Midlife Slices:

I know what you mean, I can understand why all this would be unsettling to say the least. And, I'm with you, not interested in sharing my significant other (if I had one right now :)) with anyone else. Heck, one relationship is plenty complicated for me.

The thing that strikes me though is that evidently there is quite a gap between what we say we believe and what we do (people in general I mean). I prefer people be open about their behavior even it involves something out of the mainstream than cheat and lie about their behavior. Then people have the information they need to make a decision about whether they stay or leave a partner or spouse.

It is all a bit confounding to be sure....

Jenny B said...

Hi Allison,

Thank you so much for coming to the event and for blogging about it. It's great to have the opportunity to really talk about relationships in an open and honest way!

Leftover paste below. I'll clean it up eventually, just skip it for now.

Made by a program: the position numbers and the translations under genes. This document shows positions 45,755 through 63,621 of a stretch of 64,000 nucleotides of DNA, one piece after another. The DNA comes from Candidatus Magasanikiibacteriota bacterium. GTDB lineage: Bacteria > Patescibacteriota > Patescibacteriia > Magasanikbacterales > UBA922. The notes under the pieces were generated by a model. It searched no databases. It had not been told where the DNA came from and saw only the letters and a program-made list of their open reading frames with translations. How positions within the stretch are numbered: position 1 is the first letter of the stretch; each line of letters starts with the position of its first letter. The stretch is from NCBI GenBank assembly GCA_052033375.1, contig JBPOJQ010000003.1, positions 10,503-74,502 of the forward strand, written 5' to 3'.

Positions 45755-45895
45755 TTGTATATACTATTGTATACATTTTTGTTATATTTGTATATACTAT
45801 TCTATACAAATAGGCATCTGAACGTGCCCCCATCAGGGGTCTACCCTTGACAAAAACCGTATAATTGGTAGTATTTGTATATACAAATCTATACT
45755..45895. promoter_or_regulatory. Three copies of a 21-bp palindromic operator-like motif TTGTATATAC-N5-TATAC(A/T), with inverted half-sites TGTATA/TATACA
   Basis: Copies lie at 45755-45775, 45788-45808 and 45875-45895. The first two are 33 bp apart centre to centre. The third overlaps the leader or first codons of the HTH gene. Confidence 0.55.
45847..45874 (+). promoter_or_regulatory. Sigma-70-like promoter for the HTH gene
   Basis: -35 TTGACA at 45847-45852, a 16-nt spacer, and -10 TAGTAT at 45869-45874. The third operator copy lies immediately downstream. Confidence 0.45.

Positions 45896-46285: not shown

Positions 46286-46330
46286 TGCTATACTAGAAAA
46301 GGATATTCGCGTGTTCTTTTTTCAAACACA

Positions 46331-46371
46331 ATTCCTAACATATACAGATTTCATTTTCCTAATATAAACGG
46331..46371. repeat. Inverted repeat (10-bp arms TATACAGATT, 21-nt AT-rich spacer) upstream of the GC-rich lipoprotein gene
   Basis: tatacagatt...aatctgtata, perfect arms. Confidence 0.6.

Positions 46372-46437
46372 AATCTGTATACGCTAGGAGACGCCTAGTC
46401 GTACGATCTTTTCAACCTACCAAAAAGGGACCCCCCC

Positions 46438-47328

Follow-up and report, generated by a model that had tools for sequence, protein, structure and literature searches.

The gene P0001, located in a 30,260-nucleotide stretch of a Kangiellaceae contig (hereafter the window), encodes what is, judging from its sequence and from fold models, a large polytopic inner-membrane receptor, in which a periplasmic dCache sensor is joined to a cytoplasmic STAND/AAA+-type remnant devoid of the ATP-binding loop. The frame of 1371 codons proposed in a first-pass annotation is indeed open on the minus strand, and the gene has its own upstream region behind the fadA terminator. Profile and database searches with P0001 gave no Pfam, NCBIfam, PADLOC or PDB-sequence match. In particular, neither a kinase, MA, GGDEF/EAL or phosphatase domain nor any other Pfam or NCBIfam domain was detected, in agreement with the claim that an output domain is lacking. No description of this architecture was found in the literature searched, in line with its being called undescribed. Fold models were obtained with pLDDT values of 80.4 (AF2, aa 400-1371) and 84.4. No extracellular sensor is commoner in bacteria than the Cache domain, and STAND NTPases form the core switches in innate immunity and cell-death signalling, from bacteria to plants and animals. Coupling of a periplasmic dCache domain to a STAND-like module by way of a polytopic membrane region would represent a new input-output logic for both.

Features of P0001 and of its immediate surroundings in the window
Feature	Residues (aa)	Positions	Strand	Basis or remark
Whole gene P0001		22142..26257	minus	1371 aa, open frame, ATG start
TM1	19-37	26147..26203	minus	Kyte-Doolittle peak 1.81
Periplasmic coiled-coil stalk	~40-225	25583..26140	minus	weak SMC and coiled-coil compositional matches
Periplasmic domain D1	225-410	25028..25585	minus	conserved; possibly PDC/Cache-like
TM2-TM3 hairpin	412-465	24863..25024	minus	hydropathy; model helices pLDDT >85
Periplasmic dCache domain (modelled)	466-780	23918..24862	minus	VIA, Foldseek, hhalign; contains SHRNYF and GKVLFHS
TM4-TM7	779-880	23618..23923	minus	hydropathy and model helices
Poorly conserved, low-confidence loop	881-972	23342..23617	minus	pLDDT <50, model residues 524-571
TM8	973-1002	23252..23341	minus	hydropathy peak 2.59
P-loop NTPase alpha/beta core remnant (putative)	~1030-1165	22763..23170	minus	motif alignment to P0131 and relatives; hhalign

Wishing you all the best,
Jenny Block
Author of "Open: Love, Sex, and Life in an Open Marriage"

www.jennyonthepage.com

WomenBloom said...

Jenny,

Thanks for visiting, and for giving a fascinating glimpse into the 'open' world.

*C* said...

I'm in a polygamist marriage. It's a little different than polyamory because we are in a commited relationship and no one is 'dating.'

I know people have a first reaction of disbeleif or disapproval, but I think polygamy is better than serial monogamy.

Isn't it funny that if my husband divorced me and married someone else no one would blink an eye? But if he remains commited to me as well as his second wife, suddely we're all sickos?